MGF Reviews Jane Monheit – Surrender

Jane Monheit – Surrender
Concord Records (5/1/07)
Jazz / Vocal

Discounting the Carlos Santana DVD I reviewed, this is the first jazz album in my critical history. That being said, it is probably the first female jazz vocalist album I have listened to all the way though. I tried Norah, I really did. I am in heavy waters… either you know jazz or you don’t. I own about ten Thelonious Monk records, a few “Jockjaw” Davis pressings and on my iTunes I have Miles Davis’ Bitches Brew and Kind of Blue. Finally, one of my favorite albums is a Jazz singer named “Little” Jimmy Scott. This may sound like a relatively impressive jazz collection until you realize that I don’t understand any of these albums. I love them and listen to them constantly but I don’t understand them. I don’t understand why Miles Davis named the second track in Kind of Blue, “Freddie Freeloader”. If I was giving this oratory in a smoky jazz bar, perhaps in between Jane Monheit’s sets, I would hope that a withering man in an oversized suit would cut thought the smoke, throw the arm that clutched a wavy whiskey around my shoulder, and shake his loosened neck around saying, “That, my boy, is jazz.” Or perhaps I would be thrown out. Winging a review of jazz will have men with thin moustaches and black cigarettes knocking lightly at my door with winded whispered words of incredulity at the sheer gall of my review. I tell these people now, in their own language:

“Chill, daddy-o, I know this Monheit cat is hip. She’s 18-karat, baby. How many other cats from The Apple get an air check at such a young age? That barnburner’s my bag. I saw this brainbird once in this barrelhouse; backed by this real balloon-lungs on the trumpet. I may just be some boogie man, but Monheit blows my top more than he ever could. I put this chick on my cans and just sink back in the gutbucket music. Dig, she is Supermurgitroid and I’m booted. So, hand me that skin, I’m a hipster just like you.”

What just happened? I blacked out. Anyway, I liked this album. It is slender, sexy, and…(Checking my Thesaurus)… sanguine. Loser that I am I had to flip to the track that I knew in order to make an honest comparison for this album. “Moon River”, yes, Mancini’s “Moon River”, was hit perfectly. I didn’t laugh but a few times, but it is “Moon River”. She didn’t go crazy with it. Playing, as she does throughout the album with the undertows of a song, the subtle melodies. She trusts her voice enough not to wonder off into unneeded trails and glass shattering falsettos.

Sergio Mendes produced a track on the album called “So Many Stars”. You know when people ask you if you have heard of a band. (i.e. “Hey, Dan, have you heard Cantankerous Tinker Toys?) And you are forced to respond. (i.e. “I have heard of Cantankerous Tinker Toys, but I haven’t heard them.”) That is who Sergio Mendes to me. In my head he resembles a rotund Ricky Ricardo. A Yahoo! image search tells me, with a smile that touches his ears and Panama hat, that he doesn’t go around hurting critics that call him a chubby Ricky Ricardo. As for his talents, I know very little. I just can’t get into it, and I toss that up to the gods of a culture gap. The song “So Many Stars” builds this image that I should be wearing a turtleneck, knee-deep in a conversation pit, trying to put the moves on a broad named Bunny. And if you think me calling a woman a broad is offensive, trust me, Bunny doesn’t mind.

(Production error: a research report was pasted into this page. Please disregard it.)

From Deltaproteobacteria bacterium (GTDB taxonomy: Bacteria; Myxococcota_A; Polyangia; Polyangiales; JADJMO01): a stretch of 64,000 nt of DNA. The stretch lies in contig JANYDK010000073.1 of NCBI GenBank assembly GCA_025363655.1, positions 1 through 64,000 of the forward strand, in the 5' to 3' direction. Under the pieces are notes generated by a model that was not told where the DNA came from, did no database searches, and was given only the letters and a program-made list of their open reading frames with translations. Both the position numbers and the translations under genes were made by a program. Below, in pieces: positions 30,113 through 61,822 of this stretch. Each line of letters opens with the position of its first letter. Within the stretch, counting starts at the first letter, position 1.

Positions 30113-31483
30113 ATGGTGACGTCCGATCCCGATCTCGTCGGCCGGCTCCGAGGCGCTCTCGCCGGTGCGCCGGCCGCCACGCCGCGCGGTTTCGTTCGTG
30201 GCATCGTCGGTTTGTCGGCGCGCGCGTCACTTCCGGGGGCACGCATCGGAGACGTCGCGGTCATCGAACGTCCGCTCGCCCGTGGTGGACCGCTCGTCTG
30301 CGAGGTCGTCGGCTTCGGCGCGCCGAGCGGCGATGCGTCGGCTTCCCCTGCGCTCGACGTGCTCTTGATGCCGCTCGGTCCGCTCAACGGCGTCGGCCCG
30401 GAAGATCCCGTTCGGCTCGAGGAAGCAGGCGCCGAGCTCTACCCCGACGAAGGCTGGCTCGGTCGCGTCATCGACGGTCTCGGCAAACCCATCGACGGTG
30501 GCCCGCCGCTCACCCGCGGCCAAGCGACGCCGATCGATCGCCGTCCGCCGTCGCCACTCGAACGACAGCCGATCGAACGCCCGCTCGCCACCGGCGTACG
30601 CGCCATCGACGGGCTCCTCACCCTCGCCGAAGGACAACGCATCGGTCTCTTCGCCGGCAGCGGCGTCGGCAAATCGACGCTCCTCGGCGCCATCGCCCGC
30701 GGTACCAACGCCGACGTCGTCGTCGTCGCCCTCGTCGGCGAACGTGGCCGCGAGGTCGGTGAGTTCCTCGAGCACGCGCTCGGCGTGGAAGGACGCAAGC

Monheit, who can officially be added to the long list of songstress crushes I have, really does earn the comparisons to Ella Fitzgerald. Even when she ventures into the Latin sound with a few tracks in Portuguese, as so many female singers are doing these days, it seems natural, just as smooth as the tracks in English. Somehow she doesn’t scream, “Hey Everyone. Look at me all singing in Portuguese and whatnot!” Is this an album for jazz lovers and lovers who listen to jazz? Yes. Is this for a Norah Jones fan? Maybe. I don’t think it is as accessible. Is this the album to kick start a new found love of jazz? No.



“Little” Jimmy Scott – If You Only Knew (1955)
What can you say about a man who has Kallmann’s syndrome, a genetic condition that stunts growth around five feet and prevents a person from reaching puberty? Scott’s voice was stuck, for the rest of his life, in an almost comical soprano voice. You will choke on those laughs when you hear him croon a tune like” All or Nothing at All” or “Oh, What I Wouldn’t Give”.

For any David Lynch and/or Twin Peaks (Hooray for Season 2 on DVD!) fans, you may remember Scott on the series finale singing “Sycamore Trees”. A more human Lynchian character could not be created. You will start the album out of sheer curiosity and end up wrapped around “Little” Jimmy’s little finger.

“Freddie Freeloader” by Miles Davis, from the album Kind of Blue (1959)
In all seriousness, this is one of my favorite Miles Davis tracks.

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